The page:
Amendments to V&I schedule
In addition there some amendments to the clinical aspects of vaccinations and immunisations through the SFE.
These are summarised below:
• the three month dose of pneumococcal has been removed from the targeted childhood immunisations scheme, based on the recommendation from the JCVI. The funding for this element of the childhood immunisation will be unaffected.
• Meningococcal ACWY (MenACWY) completing dose - the date of eligibility has changed from 1/4/15 to 1/4/12 therefore all patients within the age range are now eligible. Practices are not required to proactively offer or encourage patients to be vaccinated. Vaccination of 14-16 years is only where the patient has missed schools provision.
• Meningococcal B – there are no changes to the vaccinations programme, however the requirements are now defined in the SFE rather than in a service specification.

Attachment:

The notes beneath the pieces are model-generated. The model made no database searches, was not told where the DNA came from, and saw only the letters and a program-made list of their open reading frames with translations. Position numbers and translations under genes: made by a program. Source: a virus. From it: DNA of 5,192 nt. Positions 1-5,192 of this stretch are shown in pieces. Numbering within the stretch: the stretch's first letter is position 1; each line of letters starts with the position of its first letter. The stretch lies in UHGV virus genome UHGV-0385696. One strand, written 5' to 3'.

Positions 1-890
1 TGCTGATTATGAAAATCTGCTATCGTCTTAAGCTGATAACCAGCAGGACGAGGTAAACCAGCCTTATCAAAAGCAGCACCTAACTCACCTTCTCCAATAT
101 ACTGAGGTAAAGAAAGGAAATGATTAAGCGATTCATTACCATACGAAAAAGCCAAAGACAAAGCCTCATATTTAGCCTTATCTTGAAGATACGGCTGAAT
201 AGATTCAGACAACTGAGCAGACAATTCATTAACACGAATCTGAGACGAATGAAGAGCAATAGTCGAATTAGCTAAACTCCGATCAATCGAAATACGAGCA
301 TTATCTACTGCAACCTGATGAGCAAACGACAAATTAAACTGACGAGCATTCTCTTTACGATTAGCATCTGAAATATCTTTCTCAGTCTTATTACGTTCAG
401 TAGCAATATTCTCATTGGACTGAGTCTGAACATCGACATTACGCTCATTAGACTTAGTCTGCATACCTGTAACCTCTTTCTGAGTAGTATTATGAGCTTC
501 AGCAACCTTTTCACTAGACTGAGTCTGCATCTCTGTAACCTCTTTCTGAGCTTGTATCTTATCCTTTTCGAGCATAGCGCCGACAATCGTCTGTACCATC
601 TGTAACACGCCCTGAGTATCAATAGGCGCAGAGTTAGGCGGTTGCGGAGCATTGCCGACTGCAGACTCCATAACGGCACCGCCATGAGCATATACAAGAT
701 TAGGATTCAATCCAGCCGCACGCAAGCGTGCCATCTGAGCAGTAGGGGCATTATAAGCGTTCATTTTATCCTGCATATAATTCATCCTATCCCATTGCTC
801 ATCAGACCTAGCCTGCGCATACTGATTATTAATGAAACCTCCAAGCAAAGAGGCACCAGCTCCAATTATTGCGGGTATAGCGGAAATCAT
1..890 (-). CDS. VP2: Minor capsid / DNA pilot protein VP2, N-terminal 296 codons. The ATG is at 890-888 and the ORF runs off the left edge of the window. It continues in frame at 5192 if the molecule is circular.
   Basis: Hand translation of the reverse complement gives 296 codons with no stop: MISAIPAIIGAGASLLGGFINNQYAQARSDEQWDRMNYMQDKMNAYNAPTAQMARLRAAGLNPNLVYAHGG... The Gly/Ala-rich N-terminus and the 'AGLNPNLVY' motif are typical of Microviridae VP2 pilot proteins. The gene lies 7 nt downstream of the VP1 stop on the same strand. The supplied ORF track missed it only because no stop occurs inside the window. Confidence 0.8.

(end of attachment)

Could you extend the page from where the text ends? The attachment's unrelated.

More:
Amendments to reimbursements for locum cover for parental and sickness leave
The GPC have agreed that these payments should both be increased to avoid their value eroding with inflation.
Parental leave payments will increase from £1,131.74 to £1,143.06 for the first week and £1,734.18 to £1,751.52 for subsequent weeks and the upper amount for sickness payments will increase from £1734.18 to £1751.52.
In addition to this, the GPC have clarify the rules for locum cover reimbursement such that from 1 April 2018, if a contractor chooses to employ a salaried GP on a fixed-term contract to provide cover, NHS England will reimburse the cost of that cover to the same level as provided for locum cover, or a performer or partner already employed or engaged by the contractor.
Electronic referral service
From October 2018 hospitals will only receive payment for standard referrals if they are made through e-RS.